Glioblastoma multiforme are infiltrative lesions that have a high degree of heterogeneity, both within and between different patients. Imaging is critical for all phases in the evaluation and treatment of these lesions, but has been limited in providing information that is reliable enough to stratify patients into groups with uniform behavior and to predict outcome. Although magnetic resonance imaging is the method of choice for visualizing anatomic features of the lesion, its results are ambiguous in terms of defining the functional characteristics of the lesion and distinguishing tumor from treatment induced necrosis. Recent advances in magnetic resonance have made possible the routine acquisition of physiological data such as perfusion- and diffusion-weighted images and of metabolic data such as water suppressed proton spectroscopic images. These provide quantitative measurements that are more closely related to the biological properties of the tumor and reflect changes in tumor vascularity, cellularity and proliferation that are associated with tumor progression. As the molecular properties that influence invasion and neoplastic transformation are elucidated, it is critical that noninvasive imaging techniques are available for investigating new therapies and tailoring treatment to individual patient characteristics. The data obtained from patients with glioblastoma multiforme have already demonstrated that these new magnetic resonance techniques are able to contribute to diagnosis, characterization of malignant potential, treatment planning and assessment of response to therapy.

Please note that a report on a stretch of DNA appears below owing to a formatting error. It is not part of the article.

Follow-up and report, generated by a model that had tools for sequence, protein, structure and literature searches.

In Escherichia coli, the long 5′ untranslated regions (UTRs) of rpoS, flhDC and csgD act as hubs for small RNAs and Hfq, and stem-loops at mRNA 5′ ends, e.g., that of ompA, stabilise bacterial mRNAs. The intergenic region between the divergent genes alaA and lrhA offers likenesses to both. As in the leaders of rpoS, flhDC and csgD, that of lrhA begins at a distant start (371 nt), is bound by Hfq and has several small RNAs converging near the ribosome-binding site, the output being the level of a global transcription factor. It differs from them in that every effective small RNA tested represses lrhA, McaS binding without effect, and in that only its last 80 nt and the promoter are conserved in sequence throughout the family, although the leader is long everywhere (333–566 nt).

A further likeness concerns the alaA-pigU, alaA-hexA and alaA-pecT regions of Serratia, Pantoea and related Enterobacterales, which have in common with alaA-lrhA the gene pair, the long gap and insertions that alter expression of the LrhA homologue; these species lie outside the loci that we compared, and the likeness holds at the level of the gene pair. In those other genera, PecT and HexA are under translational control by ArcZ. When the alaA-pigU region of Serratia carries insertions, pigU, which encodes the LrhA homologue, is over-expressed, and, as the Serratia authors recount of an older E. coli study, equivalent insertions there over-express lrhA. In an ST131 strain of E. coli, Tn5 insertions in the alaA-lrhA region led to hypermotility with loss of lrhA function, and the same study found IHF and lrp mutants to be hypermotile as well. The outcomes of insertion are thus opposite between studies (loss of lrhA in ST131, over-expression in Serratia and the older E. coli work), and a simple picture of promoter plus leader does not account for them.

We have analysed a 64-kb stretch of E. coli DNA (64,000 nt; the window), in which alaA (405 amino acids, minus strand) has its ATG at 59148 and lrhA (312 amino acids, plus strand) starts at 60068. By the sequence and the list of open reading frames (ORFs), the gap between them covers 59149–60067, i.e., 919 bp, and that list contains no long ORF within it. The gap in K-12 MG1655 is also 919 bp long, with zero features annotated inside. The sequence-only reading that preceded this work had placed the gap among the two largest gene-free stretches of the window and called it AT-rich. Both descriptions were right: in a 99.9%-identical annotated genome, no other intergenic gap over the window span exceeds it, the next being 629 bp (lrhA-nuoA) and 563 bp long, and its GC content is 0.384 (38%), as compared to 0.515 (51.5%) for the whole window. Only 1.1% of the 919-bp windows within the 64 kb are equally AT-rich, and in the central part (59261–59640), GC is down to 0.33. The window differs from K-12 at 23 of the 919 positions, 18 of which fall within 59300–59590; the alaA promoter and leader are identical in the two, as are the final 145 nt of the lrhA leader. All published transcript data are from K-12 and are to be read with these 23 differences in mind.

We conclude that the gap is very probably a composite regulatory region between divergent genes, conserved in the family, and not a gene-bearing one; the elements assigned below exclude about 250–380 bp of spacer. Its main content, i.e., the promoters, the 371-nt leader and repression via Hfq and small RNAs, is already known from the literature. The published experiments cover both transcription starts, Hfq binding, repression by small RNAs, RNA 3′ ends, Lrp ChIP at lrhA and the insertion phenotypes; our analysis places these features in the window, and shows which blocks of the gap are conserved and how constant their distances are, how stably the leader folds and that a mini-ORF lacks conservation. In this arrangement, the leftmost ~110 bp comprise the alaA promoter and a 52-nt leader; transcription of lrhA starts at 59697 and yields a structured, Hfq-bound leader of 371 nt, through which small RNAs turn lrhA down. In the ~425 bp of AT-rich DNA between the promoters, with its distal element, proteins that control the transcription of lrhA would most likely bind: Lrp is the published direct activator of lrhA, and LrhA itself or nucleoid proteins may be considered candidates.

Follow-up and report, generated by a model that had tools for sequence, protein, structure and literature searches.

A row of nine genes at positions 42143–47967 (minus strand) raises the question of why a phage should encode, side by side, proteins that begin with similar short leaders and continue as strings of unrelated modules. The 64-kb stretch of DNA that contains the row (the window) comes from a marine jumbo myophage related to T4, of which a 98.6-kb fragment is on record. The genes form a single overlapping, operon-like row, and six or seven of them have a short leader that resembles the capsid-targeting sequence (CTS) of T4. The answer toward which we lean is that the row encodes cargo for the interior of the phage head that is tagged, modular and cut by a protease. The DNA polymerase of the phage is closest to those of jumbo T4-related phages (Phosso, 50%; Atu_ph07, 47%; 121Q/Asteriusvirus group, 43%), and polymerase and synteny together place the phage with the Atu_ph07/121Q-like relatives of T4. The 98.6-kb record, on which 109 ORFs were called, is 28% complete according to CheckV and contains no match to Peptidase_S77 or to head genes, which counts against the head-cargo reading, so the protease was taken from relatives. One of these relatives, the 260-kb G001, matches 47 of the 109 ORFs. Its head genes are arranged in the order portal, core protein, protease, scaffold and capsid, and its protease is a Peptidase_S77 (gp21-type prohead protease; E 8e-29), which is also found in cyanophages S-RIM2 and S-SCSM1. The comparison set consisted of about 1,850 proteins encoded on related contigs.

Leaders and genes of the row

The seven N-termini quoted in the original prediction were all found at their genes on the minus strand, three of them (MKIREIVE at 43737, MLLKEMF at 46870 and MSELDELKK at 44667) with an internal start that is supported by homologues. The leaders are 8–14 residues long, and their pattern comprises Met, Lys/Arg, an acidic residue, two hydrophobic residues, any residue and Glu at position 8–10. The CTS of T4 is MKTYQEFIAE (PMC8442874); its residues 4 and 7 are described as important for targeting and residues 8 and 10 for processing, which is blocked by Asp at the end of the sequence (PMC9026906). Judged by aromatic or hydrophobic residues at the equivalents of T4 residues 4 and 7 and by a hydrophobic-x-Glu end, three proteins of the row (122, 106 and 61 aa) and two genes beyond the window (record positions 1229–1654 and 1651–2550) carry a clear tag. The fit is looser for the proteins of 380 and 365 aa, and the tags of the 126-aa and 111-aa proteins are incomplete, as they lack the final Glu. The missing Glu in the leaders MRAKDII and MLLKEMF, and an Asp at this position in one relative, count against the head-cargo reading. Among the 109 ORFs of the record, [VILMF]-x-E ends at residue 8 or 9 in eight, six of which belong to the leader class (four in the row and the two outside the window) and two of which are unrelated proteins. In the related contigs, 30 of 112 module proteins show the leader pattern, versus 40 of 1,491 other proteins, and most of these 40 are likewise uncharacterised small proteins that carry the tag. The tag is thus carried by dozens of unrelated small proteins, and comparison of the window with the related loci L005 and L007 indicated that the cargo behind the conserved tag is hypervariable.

aMagnetic Resonance Science Center, Department of Radiology, University of California, San Francisco, California
bDepartment of Radiology and Neurological Surgery, University of San Francisco School of Medicine, San Francisco, California.
Reprint requests: Dr. Sarah J. Nelson, Magnetic Resonance Science Center, Department of Radiology, University of California San Francisco, 1 Irving Street, Box 1290, San Francisco, California 94143. E-mail: email@example.com.
No benefits in any form have been or will be received from a commercial party related directly or indirectly to the subject of this article.
Received on January 29, 2002; accepted for publication February 12, 2003.